Pennsylvania motorists, already facing higher prices at the gas pumps, will see some vehicle fees rise next week, courtesy of the transportation-funding law approved last year.

Act 89, the transportation measure advocated by Gov. Corbett and narrowly approved by the legislature in November, will provide about $2.3 billion more a year by 2018 for better roads, safer bridges, and improved public transit.

This year, the revenue will be about $350 million, but it will increase each year as taxes and fees rise.

A typical driver can expect to pay $22 more this year and $132 more by 2018, according to calculations made by the governor's Transportation Funding Advisory Commission. The commission's recommendations formed the basis for the new funding plan.

That would amount to a 42-cents-a-week increase this year, and $2.54 a week by 2018.

(The commission assumed the typical driver owns one vehicle, drives it 12,000 miles a year, and gets 24 miles per gallon.)

Most of the additional money for roads, bridges, and transit - about 82 percent - will come from higher gas taxes. Gas taxes in Pennsylvania were last increased in 1997.

The new law calls for the state to gradually remove the limit on the wholesale tax on gasoline and eliminate the 12-cents-a-gallon retail gas tax.

Within five years, if wholesalers pass on the full increase to consumers, that could increase the gas tax by about 28 cents a gallon. That would boost the state gas tax from 31.2 cents a gallon in 2013 to 59.2 cents by 2018.

So far, the average price of regular gas in Pennsylvania has risen 13 cents a gallon since the end of last year, to $3.61 per gallon this week, compared with $3.48 on Dec. 31.

By comparison, in New Jersey, the price has risen by four cents during the same period, to $3.34 per gallon from $3.30 on Dec. 31. In Delaware, the price also has risen four cents, to $3.50 from $3.46, according to data compiled by

Higher fees and fines for motorists will provide about 18 percent of the additional transportation funding for Pennsylvania. Some of those costs have already gone up; others are scheduled to rise over the next few years.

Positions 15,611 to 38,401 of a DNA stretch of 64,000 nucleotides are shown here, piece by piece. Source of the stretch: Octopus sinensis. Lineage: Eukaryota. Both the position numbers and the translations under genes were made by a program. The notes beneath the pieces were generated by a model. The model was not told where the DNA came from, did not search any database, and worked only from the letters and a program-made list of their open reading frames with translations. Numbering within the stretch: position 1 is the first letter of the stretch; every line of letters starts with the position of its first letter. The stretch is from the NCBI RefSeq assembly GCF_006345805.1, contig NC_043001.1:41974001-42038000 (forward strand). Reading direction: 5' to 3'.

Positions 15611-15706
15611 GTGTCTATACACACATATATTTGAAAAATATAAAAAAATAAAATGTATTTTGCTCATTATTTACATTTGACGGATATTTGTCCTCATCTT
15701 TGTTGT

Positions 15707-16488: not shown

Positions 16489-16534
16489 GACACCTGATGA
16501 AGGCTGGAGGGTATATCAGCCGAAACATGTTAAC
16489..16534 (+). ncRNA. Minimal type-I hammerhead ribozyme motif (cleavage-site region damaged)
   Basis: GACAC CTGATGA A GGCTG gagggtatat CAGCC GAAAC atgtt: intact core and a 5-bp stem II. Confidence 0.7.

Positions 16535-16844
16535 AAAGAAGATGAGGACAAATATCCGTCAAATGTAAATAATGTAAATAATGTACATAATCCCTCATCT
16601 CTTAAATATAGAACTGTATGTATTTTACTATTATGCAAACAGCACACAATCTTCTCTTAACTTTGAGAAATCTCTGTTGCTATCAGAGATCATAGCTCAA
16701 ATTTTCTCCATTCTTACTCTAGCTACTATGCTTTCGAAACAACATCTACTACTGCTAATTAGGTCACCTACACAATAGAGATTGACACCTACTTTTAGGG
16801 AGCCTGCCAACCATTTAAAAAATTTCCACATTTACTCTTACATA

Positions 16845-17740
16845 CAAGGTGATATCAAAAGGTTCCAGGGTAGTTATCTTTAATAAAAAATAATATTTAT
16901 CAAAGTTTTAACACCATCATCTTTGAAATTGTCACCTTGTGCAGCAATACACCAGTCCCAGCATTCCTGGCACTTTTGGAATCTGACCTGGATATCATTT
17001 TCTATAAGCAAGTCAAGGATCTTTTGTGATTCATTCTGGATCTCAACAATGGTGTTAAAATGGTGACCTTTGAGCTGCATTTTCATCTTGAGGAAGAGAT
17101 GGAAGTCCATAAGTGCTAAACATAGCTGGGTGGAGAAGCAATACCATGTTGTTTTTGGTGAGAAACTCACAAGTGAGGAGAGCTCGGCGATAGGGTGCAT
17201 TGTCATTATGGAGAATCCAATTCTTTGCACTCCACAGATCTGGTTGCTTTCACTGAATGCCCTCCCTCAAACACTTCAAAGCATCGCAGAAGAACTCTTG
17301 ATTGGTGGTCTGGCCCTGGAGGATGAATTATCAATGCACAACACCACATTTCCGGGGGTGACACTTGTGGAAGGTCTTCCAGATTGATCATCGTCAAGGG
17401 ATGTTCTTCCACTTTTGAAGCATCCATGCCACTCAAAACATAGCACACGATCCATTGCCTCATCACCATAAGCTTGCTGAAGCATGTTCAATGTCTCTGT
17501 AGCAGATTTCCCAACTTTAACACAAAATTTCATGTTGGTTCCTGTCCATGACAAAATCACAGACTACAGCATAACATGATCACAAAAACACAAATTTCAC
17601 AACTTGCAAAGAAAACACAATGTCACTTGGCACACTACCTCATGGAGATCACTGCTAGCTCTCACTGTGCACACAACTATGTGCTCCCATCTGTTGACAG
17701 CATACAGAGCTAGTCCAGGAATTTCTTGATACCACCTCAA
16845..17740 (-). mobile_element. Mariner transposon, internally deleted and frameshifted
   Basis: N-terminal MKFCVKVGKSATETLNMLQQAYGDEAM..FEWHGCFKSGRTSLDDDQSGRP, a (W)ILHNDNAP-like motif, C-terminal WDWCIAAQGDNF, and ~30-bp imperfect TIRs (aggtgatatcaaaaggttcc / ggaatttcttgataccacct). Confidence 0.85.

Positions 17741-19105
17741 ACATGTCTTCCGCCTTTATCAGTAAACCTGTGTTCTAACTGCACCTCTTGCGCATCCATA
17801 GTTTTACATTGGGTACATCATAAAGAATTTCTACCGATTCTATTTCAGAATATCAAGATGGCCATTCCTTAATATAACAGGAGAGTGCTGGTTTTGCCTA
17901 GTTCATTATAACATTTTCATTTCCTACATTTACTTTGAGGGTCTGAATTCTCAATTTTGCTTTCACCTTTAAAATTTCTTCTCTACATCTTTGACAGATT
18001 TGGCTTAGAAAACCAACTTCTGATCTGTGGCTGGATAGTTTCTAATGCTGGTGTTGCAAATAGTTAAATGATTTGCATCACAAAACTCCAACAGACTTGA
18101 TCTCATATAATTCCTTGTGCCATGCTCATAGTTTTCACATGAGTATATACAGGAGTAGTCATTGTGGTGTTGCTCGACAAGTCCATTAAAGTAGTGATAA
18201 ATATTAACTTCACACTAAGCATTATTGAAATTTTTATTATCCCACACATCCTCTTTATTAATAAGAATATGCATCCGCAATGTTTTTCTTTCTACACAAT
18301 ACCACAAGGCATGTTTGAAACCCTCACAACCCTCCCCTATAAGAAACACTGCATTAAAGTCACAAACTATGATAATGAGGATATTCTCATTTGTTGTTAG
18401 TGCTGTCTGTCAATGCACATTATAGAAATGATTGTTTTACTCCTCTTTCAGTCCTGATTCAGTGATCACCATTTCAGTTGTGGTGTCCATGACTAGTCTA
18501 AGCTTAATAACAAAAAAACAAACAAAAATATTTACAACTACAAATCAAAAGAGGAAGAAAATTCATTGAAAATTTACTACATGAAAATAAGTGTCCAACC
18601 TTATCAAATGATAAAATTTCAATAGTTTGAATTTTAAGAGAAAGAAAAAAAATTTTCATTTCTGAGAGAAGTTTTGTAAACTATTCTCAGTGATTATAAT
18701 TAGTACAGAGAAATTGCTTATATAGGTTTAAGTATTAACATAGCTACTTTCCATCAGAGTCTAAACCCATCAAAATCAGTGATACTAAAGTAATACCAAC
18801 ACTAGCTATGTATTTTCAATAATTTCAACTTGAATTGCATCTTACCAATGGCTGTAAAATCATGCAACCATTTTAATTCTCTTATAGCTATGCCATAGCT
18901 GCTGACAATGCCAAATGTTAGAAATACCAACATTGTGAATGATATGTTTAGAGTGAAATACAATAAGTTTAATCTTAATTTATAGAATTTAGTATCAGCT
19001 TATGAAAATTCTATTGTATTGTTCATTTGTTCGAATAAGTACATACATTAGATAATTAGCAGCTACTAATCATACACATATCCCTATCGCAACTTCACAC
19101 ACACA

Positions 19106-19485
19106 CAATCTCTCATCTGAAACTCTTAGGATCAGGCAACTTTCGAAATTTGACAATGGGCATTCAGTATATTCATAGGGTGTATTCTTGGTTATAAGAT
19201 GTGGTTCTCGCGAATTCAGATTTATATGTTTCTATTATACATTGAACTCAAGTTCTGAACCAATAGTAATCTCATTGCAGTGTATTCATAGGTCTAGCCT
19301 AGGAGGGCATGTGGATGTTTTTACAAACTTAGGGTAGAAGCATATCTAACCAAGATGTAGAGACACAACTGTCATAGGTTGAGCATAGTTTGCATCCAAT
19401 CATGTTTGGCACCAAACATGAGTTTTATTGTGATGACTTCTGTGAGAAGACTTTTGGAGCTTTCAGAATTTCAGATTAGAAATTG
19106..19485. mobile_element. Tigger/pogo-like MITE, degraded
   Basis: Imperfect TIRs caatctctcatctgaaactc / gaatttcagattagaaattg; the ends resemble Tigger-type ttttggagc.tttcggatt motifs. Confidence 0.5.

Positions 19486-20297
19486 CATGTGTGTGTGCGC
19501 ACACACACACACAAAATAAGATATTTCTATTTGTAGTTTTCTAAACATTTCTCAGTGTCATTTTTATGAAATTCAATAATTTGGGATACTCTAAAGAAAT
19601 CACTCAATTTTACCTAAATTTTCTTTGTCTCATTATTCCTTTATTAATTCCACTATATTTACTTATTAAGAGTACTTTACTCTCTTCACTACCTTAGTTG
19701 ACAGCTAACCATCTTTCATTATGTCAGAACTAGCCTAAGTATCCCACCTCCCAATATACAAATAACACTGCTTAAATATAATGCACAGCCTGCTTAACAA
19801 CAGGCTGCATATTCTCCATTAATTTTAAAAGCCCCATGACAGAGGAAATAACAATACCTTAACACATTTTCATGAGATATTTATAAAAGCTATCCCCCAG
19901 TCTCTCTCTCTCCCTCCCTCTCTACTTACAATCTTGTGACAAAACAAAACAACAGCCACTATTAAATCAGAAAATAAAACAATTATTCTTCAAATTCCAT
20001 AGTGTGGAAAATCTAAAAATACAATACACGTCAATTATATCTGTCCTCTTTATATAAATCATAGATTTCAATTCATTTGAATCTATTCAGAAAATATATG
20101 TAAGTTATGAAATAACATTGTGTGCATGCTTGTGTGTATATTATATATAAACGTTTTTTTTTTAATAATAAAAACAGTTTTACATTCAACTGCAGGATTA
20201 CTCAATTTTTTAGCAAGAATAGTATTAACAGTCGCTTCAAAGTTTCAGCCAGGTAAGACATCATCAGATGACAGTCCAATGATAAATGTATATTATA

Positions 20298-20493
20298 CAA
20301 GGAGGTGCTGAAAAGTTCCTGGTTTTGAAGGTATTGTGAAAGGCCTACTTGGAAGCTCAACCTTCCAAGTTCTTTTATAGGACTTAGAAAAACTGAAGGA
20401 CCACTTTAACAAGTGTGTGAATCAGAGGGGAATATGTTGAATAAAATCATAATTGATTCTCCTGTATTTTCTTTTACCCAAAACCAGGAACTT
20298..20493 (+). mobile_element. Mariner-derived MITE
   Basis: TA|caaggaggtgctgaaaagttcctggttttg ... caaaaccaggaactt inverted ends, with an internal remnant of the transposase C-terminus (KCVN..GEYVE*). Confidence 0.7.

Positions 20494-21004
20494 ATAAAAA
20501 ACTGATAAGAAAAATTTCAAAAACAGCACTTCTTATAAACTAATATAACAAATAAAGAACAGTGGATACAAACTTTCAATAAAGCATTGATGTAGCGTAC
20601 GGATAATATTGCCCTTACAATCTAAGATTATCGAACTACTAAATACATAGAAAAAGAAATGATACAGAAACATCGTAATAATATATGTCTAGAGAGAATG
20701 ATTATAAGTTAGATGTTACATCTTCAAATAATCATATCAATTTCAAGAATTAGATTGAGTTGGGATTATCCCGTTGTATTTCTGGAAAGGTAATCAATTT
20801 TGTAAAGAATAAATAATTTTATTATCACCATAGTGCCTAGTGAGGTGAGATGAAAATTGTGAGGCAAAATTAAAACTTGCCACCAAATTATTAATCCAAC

The fine for failure to obey traffic-control devices, a common citation for running a stop sign or other infraction, went up to $150 from $25 on Jan. 1. (However, surcharges that had been added to the $25 fine can't be added to the new amount.)

On April 1, fee increases will include: Identification card, from $13.50 to $27.50; duplicate drivers' licenses and IDs, from $13.50 to $27.50; certificates of title, from $22.50 to $50; certified records, from $10 to $30; and manufacturer/dealer notifications, from $3 to $5.

On July 1, the fee for a replacement license plate will increase from $7.50 to $11; the fee to transfer a registration plate, from $6 to $9; the fee for vanity plates, from $20 to $76; zoological and railroad special plates, from $35 to $54; and inspection stickers, from $2 to $5.

Most of those fees had not changed since 1997, Pennsylvania Department of Transportation spokesman Richard Kirkpatrick said.

On Jan. 1, 2015, the fee for a probationary license will rise from $25 to $35, and the surcharge for a commercial driver's license will rise from $10 to $15.

Also on Jan. 1, 2015, motorists will get the option to pay $500 in lieu of a three-month suspension for allowing vehicle insurance to lapse.

On that date, counties also will have the option to levy a $5 annual vehicle registration fee.

Starting July 1, 2015, the fees for regular drivers' licenses and annual vehicle registration will go up $1 a year, and on July 1, 2019, they will increase annually by the amount of inflation.



Additional revenue that will be generated by 2018 as a result of transportation measure approved by Pa. legislature.


Increase in fees a typical driver can expect to pay this year.


Fine for failure to obey traffic-control devices,

up from $25 on Jan. 1.


Fee for an identification card, which will go up from

$13.50 on Tuesday.


Fee for a vanity plate, which will go up from $20 on July 1.